Facebook

Facebook IPO: The good and the bad

|
()

Facebook went public and the people who got in at the initial price of $38 made a little money, but the stock is hardly exploding in the way that suggests social-networking is the next stock market darling. Read more »

Weblining

The Internet you see is based on your visual portrait -- who do advertisers think you are?

|
()

Something to make you feel better about all your compulsive newsfeed scanning: Facebook is watching you, too. And just like you as you click through so-and-so's party photos from last weekend, it's getting judge-y.Read more »

The bubble is back

City policies are encouraging a new tech boom — but have we learned any lessons from the last one?

|
()

steve@sfbg.com

San Francisco's future is in the process of being written, once again using lines of computer code and blips on the screens of electronic gadgets, the same as during the last dot-com boom. Its proponents insist it will be different this time — that Boom 2.0 won't displace the working class, that the bubble won't burst — but critics have their doubts.Read more »

Editor's notes

Bow down to Zuckerberg, our lord and master

|
()

tredmond@sfbg.com

Sometimes I love my Internet trolls. Not very often — mostly, the anonymous folks who call me a success-hating commie who's just jealous because he wasn't smart enough to start Facebook seem to come from somewhere far to the right of San Francisco. And they're rude. And they won't give their names. And fuck all of you, ya know?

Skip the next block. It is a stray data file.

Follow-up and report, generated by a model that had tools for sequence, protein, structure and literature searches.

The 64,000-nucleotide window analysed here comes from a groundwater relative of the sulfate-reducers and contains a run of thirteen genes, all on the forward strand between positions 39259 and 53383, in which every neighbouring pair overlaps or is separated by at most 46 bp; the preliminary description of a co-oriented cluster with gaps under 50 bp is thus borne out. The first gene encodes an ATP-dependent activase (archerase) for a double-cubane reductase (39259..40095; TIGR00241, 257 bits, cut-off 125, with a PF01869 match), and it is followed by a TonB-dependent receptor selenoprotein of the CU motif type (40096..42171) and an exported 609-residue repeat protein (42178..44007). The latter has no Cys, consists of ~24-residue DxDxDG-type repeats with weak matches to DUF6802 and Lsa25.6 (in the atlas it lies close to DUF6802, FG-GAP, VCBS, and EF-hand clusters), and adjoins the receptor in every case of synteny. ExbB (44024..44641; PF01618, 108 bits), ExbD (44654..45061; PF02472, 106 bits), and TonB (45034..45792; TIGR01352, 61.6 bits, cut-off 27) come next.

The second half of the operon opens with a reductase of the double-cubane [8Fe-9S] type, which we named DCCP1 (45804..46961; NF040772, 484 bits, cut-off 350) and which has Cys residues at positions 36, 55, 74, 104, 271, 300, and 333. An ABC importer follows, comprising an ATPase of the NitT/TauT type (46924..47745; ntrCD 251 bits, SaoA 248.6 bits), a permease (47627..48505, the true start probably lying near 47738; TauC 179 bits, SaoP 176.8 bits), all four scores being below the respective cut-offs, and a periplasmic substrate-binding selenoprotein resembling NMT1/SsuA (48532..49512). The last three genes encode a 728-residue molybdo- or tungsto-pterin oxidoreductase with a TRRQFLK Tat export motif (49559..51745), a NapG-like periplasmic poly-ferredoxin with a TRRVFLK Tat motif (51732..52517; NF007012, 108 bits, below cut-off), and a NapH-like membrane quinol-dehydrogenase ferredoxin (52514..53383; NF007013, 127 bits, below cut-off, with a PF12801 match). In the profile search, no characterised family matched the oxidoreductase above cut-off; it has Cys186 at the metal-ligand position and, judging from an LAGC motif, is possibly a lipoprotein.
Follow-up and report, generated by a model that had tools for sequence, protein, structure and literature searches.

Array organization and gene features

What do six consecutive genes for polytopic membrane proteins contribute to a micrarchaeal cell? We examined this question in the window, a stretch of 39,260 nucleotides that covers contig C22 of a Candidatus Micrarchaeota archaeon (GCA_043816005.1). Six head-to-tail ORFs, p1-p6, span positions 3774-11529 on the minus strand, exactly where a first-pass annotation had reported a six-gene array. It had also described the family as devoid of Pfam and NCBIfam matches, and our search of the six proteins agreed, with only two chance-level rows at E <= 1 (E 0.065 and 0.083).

But someone came along the other day and made a comment that so perfectly summarizes everything that's wrong with American political economics today that I just wanted to wave it around like a flag and tell everyone:Read more »

Mark Zuckerberg will pay less tax than you

|
()

Before we start talking about the Facebook Windfall and all the nice new tax dollars the company will pour into the state treasury, let me take a moment to put this in perspective. Read more »

Facebook: More rich people. Just what we need.

|
()

So Facebook is going public, and a homeless artist is going to get $200 million. Nice. And a company that has spent eight years spying on your private life (with your consent, of course, although admit it, you didn't know exactly how the data mining worked and how much these folks now know about you) is going to pick up a few billion dollars for selling your secrets to advertisers. Read more »